Ask Eliot House residents where the woodshop is, and the answers will vary from “Woodshop? We have a woodshop? I didn’t know about a woodshop,” to an enthusiastic, “Oh my God, let me show you the woodshop!”
Interested students flock to the basement shop to construct tables, boxes, or chairs, turn vases or bowls, or complete the initial safety test on a doorstop that is cleverly fashioned into the shape of a mouse.
Like mice, students find themselves scrounging around town for hidden treasures and returning to the woodshop with them. One student found a 300-year-old piece of Southern yellow pine from an old mill in Lowell that she used to craft a jewelry box.
George Kenty, a lab manager in Harvard’s Department of Stem Cell and Regenerative Biology, is one of the nonresident tutors for woodworking and design. (Jim Wheeler is the other.) Kenty compares his task to that of people who do prep work on cooking shows. The students “are Julia Child, and I’m their assistant.”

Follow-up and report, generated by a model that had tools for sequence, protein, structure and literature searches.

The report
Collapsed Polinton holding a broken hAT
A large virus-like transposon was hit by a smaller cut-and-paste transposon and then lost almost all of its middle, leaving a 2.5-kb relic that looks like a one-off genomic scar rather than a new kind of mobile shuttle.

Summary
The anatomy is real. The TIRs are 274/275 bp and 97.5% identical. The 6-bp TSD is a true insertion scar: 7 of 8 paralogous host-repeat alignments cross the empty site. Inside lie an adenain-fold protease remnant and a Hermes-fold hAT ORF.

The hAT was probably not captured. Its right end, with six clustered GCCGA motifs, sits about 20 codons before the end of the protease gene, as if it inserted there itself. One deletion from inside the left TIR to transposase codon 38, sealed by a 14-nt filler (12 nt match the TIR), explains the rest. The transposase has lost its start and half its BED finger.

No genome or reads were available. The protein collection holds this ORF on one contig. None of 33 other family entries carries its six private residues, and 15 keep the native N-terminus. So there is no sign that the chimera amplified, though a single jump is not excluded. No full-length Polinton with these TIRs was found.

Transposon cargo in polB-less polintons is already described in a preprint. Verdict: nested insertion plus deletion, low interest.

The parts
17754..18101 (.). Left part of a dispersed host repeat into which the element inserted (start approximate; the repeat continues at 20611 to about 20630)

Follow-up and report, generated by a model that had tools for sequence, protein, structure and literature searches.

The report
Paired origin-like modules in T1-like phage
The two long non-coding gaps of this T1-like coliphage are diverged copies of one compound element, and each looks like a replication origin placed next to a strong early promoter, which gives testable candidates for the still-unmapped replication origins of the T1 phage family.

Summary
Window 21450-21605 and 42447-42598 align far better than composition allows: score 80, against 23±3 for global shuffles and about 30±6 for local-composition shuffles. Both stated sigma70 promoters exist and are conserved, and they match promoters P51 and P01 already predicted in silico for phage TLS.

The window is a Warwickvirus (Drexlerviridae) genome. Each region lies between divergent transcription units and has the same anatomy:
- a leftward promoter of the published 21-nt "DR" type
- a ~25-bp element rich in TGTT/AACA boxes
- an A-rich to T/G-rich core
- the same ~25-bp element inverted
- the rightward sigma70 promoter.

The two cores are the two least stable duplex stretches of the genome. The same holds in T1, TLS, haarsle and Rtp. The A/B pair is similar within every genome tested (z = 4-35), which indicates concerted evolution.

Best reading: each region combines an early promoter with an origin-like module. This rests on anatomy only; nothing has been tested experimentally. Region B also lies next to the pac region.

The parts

“I’m really fortunate. … I benefit most. I mean, sure, the kids get a table, but I get to interact with the kids,” he said.
One of the most interesting projects that Kenty recalls was a wooden shoe constructed for a woman who was rowing in the Head of the Charles Regatta. She had broken her foot but did not want to miss the race. Her sister made the shoe and taped it to her foot, allowing the rower to compete.
Kenty shares a wealth of knowledge with his students. Like a sommelier, he puts his nose to two different pieces of oak. The white oak “smells almost buttery. You know the piece of wood you’re working on because of the smell.”
In this basement retreat, students find their way through this olfactory, tactile experience, leading them to the more fundamental world of woodworking.